These two news releases were sent out today.
On Tuesday February 29, 2000 Idaho Watersheds Project, a regional conservation organization headquartered in Hailey, Idaho, applied for 5,142 acres of expiring Utah school trust land grazing leases located in Rich County, Utah.
The applications were for three leases adjacent to Bear Lake near the Idaho border. One lease is for 702 acres within one mile of Garden City, Utah on the west side of Bear Lake. This lease includes one and a half miles of Garden City Canyon.
The second and third leases are located on over 4,300 acres on the east side of Bear Lake in Eden Canyon and Little Creek.
Pursuant to Utah Trust land Administrative rules, IWP is offering $2,500 in "bonus bids" over and above the normal well-below-market lease rates of $2.00 per cow and calf or five sheep per month. Current leaseholders have the opportunity to match IWP's "bonus bid" or lose their leases.
IWP President, Jon Marvel, stated: "Idaho Watersheds Project's applications for Utah grazing lease will bring more money to Utah's public schools, and if we are successful in holding the leases, we will also show that the condition of these lands will improve without livestock use of any kind."
IWP's goal in this effort is to demonstrate that public land ranchers will pay more than the sub-market rate they currently pay for these leases or they will lose them to higher paying conservation uses.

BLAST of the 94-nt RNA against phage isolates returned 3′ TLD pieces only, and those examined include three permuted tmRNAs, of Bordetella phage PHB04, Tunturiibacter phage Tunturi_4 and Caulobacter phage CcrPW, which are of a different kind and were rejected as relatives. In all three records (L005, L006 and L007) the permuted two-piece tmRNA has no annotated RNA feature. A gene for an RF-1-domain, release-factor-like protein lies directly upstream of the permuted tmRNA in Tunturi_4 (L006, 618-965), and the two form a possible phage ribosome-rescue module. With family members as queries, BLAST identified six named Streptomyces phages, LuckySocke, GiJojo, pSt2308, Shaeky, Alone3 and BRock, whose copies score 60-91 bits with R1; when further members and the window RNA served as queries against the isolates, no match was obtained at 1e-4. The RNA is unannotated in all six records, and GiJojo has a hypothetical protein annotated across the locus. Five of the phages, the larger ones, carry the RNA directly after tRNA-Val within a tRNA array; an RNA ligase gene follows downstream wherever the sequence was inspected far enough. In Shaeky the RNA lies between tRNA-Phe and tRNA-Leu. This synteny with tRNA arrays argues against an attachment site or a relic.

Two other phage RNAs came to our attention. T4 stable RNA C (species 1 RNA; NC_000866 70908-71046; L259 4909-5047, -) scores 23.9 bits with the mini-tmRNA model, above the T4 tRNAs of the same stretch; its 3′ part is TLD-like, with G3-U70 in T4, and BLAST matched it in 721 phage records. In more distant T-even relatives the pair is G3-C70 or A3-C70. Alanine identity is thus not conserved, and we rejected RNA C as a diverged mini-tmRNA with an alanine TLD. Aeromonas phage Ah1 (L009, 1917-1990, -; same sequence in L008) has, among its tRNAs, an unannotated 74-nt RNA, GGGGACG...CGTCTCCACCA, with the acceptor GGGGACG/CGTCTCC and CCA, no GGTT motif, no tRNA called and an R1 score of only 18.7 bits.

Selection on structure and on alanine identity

On Tuesday February 29, 2000 Idaho Watersheds Project, a regional conservation organization headquartered in Hailey, Idaho, applied for 5145 acres of expiring grazing leases on Wyoming school endowment lands in three western Wyoming counties: Uinta, Lincoln, and Teton.
The 640 acre lease in Uinta County is located on the outskirts of Evanston, Wyoming on Yellow Creek a tributary of the Bear River which flows through Utah, Wyoming, and Idaho.
In Lincoln County, IWP has applied for about 2,000 acres located near the Fossil Beds National Monument west of Kemmerer, Wyoming, in the Twin Creek watershed, another tributary of the Bear River; and, also in Lincoln County, IWP has applied for 1855 acres in the Salt Creek watershed located 25 miles north of Cokeville, Wyoming an area that supports remnant populations of native Bonneville Cutthroat trout.
The final 640 acre application is in Teton County located about 8 miles south of Wilson, Wyoming on Butler Creek, a tributary of the Snake River.
For all of these expiring leases IWP has offered to pay $7.00 per Animal unit Month (AUM) which is twice the minimum lease charge currently paid by ranchers for grazing these leases. Under Wyoming law ranchers who already hold these leases and who reapply for them can continue to held them if they match IWP's offer otherwise they will lose their lease.
Under the Wyoming Constitution these school trust lands must be managed for the financial benefit of the public schools of Wyoming. With that in mind, it is the goal of Idaho Watersheds Project to show that the amount currently being charged for these leases is not a market return, that ranchers will pay more for them; and that riparian areas which have been degraded by mismanaged livestock use on these leases can be recovered with reductions or elimination of livestock use.